There’s no evidence of foul play, or an affair with the woman, and the local coroner ruled that the woman fainted from an undiagnosed heart condition and died of head trauma. Some on the web are positing a conspiracy because the coroner had left a previous job under a cloud, but the parents and husband of the young woman accepted the coroner’s findings and want the case to stay closed.

Mr. Trump always hits back at critics, and Mr. Scarborough has called the President mentally ill, among other things. But suggesting that the talk-show host is implicated in the woman’s death isn’t political hardball. It’s a smear. Mr. Trump rightly denounces the lies spread about him in the Steele dossier, yet here he is trafficking in the same sort of trash.

Rep. Adam Kinzinger, a Republican from Illinois, had it right when he tweeted on the weekend: “Completely unfounded conspiracy. Just stop. Stop spreading it, stop creating paranoia. It will destroy us.”

We don’t write this with any expectation that Mr. Trump will stop. Perhaps he even thinks this helps him politically, though we can’t imagine how. But Mr. Trump is debasing his office, and he’s hurting the country in doing so.

What if They Hold a Republican Convention and Lots of Delegates Don’t Show Up?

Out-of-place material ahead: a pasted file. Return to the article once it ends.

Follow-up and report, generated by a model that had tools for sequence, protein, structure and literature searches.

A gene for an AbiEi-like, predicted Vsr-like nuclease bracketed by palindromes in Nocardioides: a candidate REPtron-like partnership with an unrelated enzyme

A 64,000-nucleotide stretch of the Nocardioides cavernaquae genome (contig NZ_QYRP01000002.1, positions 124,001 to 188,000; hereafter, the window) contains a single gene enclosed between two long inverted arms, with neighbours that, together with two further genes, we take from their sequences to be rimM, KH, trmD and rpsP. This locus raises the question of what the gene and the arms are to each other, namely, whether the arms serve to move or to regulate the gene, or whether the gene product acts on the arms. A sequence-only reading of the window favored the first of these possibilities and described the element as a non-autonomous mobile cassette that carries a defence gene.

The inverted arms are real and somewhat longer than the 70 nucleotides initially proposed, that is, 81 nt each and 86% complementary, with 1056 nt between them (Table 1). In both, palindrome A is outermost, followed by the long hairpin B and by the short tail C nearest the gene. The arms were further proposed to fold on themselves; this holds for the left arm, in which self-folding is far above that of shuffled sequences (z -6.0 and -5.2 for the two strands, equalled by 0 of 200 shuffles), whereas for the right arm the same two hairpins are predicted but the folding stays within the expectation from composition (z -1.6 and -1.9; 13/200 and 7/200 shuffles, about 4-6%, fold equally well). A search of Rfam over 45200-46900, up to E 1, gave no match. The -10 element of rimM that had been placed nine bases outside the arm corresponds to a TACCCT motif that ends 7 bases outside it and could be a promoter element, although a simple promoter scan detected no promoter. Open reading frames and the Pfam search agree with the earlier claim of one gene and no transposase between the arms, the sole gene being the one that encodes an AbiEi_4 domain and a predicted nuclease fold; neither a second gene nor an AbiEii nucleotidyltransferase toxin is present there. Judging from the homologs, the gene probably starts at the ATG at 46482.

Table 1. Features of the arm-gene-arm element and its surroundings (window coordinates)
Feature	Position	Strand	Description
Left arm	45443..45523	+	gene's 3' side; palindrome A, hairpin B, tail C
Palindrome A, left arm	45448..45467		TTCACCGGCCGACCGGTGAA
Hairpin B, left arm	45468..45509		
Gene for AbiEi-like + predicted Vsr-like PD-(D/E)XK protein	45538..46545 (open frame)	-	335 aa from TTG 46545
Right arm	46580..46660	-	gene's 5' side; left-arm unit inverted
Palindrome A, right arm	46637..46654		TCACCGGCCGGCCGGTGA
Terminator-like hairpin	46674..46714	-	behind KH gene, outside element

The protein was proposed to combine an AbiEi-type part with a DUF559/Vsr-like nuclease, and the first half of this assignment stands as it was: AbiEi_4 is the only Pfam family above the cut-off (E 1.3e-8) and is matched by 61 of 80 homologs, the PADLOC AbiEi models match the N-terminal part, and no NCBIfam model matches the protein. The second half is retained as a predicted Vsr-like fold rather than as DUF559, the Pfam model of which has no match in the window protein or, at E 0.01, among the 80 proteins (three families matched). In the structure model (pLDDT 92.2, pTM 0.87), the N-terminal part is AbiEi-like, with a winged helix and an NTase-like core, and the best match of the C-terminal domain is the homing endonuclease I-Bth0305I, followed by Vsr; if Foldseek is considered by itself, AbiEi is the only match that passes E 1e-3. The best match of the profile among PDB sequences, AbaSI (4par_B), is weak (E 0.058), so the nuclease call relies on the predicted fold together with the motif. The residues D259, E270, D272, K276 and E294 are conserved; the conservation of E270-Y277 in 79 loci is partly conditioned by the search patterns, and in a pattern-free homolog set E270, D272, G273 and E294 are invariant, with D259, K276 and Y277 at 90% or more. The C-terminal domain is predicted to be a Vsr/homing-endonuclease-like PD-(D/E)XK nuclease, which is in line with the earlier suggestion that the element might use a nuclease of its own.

OLYMPUS DIGITAL CAMERA

Politico sucks its thumb at great length this morning on the topic, Why Trump Needs a Packed Convention. Spoiler alert: it’s because he’s psychologically needy.

Quelle surprise! That means “Who’d a thunk it?” in French.

But here is my question.

The Republican Convention—whatever form it takes and wherever it is held—will run from August 24 to August 27.

Let’s say, just for the sake of the discussion, that you are an affluent, politically active businessman in St. Louis, and a member in good standing of the Norwood Hills Country Club. Let’s say that, as a token of general esteem and appreciation of your financial contributions, the Missouri Republican Party has selected you as a delegate to the 2020 convention. Let’s say it’s the third week in August, 2020.

Are you really going to want to get on a plane and fly to Charlotte or Atlanta or Miami, and plop your abundant posterior down in a seat along with 50 thousand yahoos, screaming at the top of their lungs, most of them without masks?

Perhaps it will help to focus your mind if you take a look at the above photo, which depicts the Spectrum Center in Charlotte, North Carolina, where the convention is currently scheduled to take place.

Just an Old Sweet Song Keeps Covid on My Mind

Chris Smith writes,